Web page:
Like an Ever-Flowing Stream: Proverbs and Colonialism

Photo by Maverick Ocean on Unsplash

Last week I said I would look at the conservative framing of history and how in particular that started to break down for me. As I was writing this week, I realized that I’ve actually already begun to address this in a previous post that I encourage you to check out, but I’ll summarize here as well. One of the first things that started to realize as I engaged in historical study is how much of American history had to be left out or glossed over to make cogent conservative arguments. Even when the themes of slavery and colonialism are briefly visited, the place they play in the plans and motivations of conservative heroes of history are obscured, despite what they spell out in their own writings.

Two autumns ago, my church started a study and sermon series on the book of Proverbs, and the practice of reading a chapter a day stirred up a lot of reflection for me.  Proverbs was the go-to quiet time book of the Bible for both my mother and my aunt. My mother and aunt sought to impress on us cousins the importance of wisdom, especially as we entered our teen years and made big decisions about our education, marriage, money, and other relationships. Rereading Proverbs was both nostalgic and freshly eye-opening.


Hear, my son, your father’s instruction, and forsake not your mother’s teaching, for they are a graceful garland for your head and pendants for your neck. My son, if sinners entice you, do not consent. If they say, “Come with us, let us lie in wait for blood; let us ambush the innocent without reason; like Sheol let us swallow them alive, and whole, like those who go down to the pit; we shall find all precious goods, we shall fill our houses with plunder; throw in your lot among us; we will all have one purse”— my son, do not walk in the way with them; hold back your foot from their paths, for their feet run to evil, and they make haste to shed blood. For in vain is a net spread in the sight of any bird, but these men lie in wait for their own blood; they set an ambush for their own lives. Such are the ways of everyone who is greedy for unjust gain; it takes away the life of its possessors.

Proverbs 1:8-19 ESV

Reading for the first time Christopher Columbus’ journal of his voyage to the Americas was both validating and heartbreaking. Validating because I had begun to have a different understanding of colonialism that what I grew up with (Abeka Books, Manifest Destiny, and American Exceptionalism anyone?), and I needed to know if I was jumping the conservative ship for no reason. I needed to know whether I was being swayed by “Cultural Marxism” into a “victim mentality” or confronting the truth about injustices done in the name of Christendom.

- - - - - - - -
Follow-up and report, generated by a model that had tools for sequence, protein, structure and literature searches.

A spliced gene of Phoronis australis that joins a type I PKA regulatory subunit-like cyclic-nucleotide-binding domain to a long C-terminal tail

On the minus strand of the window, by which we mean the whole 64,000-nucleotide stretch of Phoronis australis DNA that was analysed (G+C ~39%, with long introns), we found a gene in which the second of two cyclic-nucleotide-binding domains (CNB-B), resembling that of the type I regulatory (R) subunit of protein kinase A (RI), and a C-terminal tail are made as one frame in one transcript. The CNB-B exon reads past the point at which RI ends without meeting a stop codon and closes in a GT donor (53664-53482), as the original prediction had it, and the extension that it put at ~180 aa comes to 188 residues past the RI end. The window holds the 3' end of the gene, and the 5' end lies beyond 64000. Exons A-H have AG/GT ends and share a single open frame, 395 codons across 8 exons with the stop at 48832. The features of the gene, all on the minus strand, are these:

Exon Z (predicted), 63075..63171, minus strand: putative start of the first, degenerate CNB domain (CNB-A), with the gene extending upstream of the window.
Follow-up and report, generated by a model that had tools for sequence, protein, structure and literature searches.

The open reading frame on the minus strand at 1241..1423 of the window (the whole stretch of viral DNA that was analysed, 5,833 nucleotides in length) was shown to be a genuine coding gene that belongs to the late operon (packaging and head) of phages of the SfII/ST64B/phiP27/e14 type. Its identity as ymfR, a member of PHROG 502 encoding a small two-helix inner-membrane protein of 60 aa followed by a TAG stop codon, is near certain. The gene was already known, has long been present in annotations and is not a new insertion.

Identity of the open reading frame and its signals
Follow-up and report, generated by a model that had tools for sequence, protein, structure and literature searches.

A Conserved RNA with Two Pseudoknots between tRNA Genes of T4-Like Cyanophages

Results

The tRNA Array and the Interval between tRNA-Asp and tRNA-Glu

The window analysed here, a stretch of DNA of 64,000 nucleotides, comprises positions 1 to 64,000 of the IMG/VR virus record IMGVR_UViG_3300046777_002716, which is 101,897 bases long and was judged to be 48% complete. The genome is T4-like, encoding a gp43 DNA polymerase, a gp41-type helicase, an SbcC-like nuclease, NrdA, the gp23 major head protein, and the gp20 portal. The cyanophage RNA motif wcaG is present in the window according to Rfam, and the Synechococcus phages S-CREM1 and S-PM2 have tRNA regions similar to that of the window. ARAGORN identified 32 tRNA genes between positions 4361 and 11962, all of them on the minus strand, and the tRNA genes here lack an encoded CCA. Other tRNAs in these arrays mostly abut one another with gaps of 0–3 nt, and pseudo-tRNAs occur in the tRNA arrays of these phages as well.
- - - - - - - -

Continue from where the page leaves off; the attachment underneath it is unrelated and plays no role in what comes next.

The reading was heartbreaking because if you think it was bad, the journals and Bartolome de Las Casas’s own reports of life in the Caribbean and South America once the Spanish arrive are first-hand accounts that Spain’s encounter with the Taino people is even worse than we usually imagine.

I come back to these memories and this primary text because of the mirroring I see between Proverbs 1 and the entire enterprise that Columbus was engaged in. I tried my best to take Proverbs 1 at face value and for its own context but verses 8 to 19 refused to leave me alone; it was almost too on the nose with Columbus’s own appeals to the Spanish Crown. I often wonder if Christopher Columbus ever read Proverbs 1, or had it read to him, and, if so, what he thought it was talking about. Despite the religiosity of Spain in the 15th and 16th centuries, Columbus and his son Diego were exactly like the men that Solomon warns his son against associating with.

“Come with us, let us lie in wait for blood; let us ambush the innocent without reason… we shall find all precious goods, we shall fill our houses with plunder; throw in your lot among us; we will all have one purse”

I’ll continue this discussion next week, by revisiting the work of John Locke.

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Johana-Marie Williams

Johana-Marie Williams is a writer, artist, and historian focusing on Black women and femme's health and religio-spiritual experiences. Her current projects include the ongoing zine caro and papers on the history of Black midwives in Leon County, Florida and Black women's thought on transhumanism, as expressed in science-fiction and fantasy media. Johana's work also appears under the name Marie Annetoinette, in homage to her mother's influence on her creative and spiritual life.

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